Super Mario Run may not have impressed investors, but Apple iOS users everywhere have snapped up the free-to-try mobile game, which led to an astounding 40 million total downloads.
Nintendo has announced that Super Mario Run has amassed 40 million downloads in four days of availability on Apple iOS, smashing milestones like the no. 1 free game on iOS in 140 countries and ranking in the top 10 out of 100 most profitable App Store games.
Interestingly enough, Super Mario Run's launch was met with disdain from shareholders and investors, who saw Nintendo's mobile business strategy as a potential roadblock to revenue earnings. This caused Nintendo shares to slide by 5%, representing billions of potential market loss. Super Mario Run is free to download, but only the first 3 levels are free, with the rest of the game being locked behind a $10 paygate. What's more is that Super Mario Run is online-only and requires a persistent cellular or Wi-Fi internet connection to play, and eats up about 75MB per hour of play.
Out of the 40 million iOS users that downloaded Super Mario Run, analyst firm SensorTower estimates that 2.1 million users paid the required $10 to unlock the full game. This means that Nintendo might've just raked in more than $21 million in four days time.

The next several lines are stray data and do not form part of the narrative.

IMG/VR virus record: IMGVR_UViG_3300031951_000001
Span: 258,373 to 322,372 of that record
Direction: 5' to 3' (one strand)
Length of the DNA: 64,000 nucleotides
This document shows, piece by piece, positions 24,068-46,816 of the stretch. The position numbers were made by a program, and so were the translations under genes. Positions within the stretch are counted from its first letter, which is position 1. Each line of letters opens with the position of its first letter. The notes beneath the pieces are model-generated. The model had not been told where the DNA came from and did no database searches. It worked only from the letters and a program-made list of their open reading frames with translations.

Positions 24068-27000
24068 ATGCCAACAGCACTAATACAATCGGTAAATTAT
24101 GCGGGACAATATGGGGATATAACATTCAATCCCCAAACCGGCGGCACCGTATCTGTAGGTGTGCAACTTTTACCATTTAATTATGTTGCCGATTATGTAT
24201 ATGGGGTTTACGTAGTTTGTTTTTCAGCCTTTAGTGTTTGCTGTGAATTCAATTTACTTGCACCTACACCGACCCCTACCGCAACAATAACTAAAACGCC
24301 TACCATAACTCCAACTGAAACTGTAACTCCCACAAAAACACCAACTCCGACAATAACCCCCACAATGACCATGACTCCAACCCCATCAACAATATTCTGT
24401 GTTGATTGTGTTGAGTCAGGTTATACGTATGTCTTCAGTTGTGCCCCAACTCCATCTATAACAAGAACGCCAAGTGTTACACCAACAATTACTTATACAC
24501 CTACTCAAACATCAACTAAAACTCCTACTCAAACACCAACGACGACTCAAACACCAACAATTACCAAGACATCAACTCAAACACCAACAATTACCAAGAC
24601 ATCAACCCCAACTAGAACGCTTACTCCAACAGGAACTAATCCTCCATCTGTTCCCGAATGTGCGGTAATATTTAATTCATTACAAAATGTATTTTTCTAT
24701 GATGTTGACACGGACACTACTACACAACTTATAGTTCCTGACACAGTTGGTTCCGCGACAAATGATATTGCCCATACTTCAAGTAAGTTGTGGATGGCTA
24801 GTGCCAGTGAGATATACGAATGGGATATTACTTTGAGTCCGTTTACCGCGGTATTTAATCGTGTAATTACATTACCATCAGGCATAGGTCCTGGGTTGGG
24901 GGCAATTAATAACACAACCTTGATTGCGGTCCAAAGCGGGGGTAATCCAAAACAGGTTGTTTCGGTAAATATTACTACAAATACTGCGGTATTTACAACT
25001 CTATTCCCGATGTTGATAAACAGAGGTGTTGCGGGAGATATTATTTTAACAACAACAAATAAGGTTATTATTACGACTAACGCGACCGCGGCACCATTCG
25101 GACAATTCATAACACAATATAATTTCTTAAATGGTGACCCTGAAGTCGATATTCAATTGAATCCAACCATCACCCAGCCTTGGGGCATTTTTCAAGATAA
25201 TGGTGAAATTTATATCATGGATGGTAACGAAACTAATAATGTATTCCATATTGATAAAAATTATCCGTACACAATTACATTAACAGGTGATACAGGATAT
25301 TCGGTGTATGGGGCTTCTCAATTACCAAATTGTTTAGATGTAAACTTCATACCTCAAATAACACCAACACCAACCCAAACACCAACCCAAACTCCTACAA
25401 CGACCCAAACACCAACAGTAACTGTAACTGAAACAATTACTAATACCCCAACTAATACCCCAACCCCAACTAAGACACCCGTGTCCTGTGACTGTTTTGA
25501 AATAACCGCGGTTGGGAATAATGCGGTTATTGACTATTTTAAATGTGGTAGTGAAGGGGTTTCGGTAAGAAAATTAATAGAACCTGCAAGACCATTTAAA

As Niko Partners Daniel Ahmad joked on Twitter: "more people downloaded Super Mario Run in the last four days than bought a Nintendo console/handheld in the last three years."
Let that sink in for a moment.
Even if Nintendo didn't sell a single copy of the game at $10 (which it did, of course, racking up an estimated $20.5 million so far), that's a huge win, especially since Nintendo's real endgame with mobile right now is reach. Nintendo is trying to build a platform of engagement and inform a global audience about its IPs, content and hardware, and to basically let everyone know that Nintendo is still around and will adapt with the times.
I think that Super Mario Run is more about engagement, reach, and advertising Nintendo as a whole than about earning revenue.
In a sense, Super Mario Run could be a digital billboard of sorts for not only Nintendo's beloved Mario, but its upcoming Switch console-and-mobile handheld. Miitomo, for example, regularly has advertisements for Nintendo games/apps/products in its loading screens--we could see the same thing happen with Super Mario Run.
No matter how you look at it, Super Mario Run is a win for Nintendo--and this is only their first game. I expect to see the numbers rise even more once it's launched on Android, and Nintendo also has two more mobile games on the way: a game based on Animal Crossing, and another based on the Fire Emblem franchise, both of which are due out in 2017.